Igloos – Are they heated, do they have windows and how long does it take to build one?
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There are actually a number of cool things about igloos, other than the temperature.
Igloos, are also called “Snow Houses”
They were often built by hunting parties to survive the extreme cold as well as for shelter in the winter months in small villages. A small igloo can be built by a couple of hunters in 30 minutes to an hour under most circumstances.
In areas where temperatures can drop to -50 degrees, you may find the inside temperature of an igloo to be 20 to 70 degrees warmer than the outside temperatures. Occasionally they may reach as high as 50 to 60 degrees inside temperature.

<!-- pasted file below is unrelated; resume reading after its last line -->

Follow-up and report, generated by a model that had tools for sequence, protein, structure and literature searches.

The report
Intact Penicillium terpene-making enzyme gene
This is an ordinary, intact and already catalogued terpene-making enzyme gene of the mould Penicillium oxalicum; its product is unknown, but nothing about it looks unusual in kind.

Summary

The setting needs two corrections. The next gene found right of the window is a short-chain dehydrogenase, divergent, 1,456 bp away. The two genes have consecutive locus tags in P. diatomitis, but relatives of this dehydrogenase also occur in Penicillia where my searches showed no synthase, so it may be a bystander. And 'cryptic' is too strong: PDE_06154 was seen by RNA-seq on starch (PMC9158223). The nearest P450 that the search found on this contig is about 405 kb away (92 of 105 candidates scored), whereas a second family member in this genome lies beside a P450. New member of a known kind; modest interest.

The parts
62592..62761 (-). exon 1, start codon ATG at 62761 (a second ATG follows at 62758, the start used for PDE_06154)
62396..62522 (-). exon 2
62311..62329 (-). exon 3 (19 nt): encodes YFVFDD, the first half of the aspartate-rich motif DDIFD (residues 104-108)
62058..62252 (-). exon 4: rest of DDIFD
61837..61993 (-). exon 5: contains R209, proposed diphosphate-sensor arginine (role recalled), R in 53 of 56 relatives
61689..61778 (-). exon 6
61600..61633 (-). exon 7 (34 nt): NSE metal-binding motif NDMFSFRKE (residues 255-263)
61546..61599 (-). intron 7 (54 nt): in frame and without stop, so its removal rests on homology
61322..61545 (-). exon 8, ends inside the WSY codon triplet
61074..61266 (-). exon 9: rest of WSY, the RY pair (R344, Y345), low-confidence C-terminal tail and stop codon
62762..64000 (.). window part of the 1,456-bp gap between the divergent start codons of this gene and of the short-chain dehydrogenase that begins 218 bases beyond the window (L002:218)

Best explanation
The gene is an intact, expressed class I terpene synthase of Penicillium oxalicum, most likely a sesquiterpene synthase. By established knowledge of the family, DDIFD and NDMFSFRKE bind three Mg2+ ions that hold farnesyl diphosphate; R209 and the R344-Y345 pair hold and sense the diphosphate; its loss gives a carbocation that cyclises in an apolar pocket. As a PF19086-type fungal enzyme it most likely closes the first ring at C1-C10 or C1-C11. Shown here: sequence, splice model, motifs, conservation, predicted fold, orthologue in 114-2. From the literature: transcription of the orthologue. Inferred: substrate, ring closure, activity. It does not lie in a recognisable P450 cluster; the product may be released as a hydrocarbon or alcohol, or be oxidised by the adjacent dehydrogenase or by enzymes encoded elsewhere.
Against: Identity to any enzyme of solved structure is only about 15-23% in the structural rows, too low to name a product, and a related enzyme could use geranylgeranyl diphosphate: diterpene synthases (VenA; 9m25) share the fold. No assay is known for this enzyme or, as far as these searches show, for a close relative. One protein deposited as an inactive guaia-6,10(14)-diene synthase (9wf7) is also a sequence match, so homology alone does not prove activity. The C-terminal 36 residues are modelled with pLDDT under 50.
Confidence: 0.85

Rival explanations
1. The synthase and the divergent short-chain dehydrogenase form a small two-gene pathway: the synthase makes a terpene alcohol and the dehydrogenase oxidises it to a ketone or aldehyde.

Note that these high temperatures cannot be sustained for long periods of time, because the snow will melt. Temperatures inside of 20 to 30 degrees can be held for longer periods. When you consider the outside temperatures and the warm dress of fur and skins, the occupants are reasonably comfortable.
Insulation – Snow Acts As An Insulator
The reason that an igloos inside temperatures are warmer, is that snow acts as an insulator because of the tiny air pockets in the snow. If built of solid ice, igloos would be much colder.
Are Igloos Heated ?
Igloos are not heated in the general sense. They do have various types of heat sources that will furnish heat to a small extent on the interior.
Heat sources for igloos
- Human body heat. This is the primary heat source in most igloos
- Oil lamps ( fueled by seal, walrus and whale blubber)
- Small cooking fires, however much of the meat, etc. is eaten raw.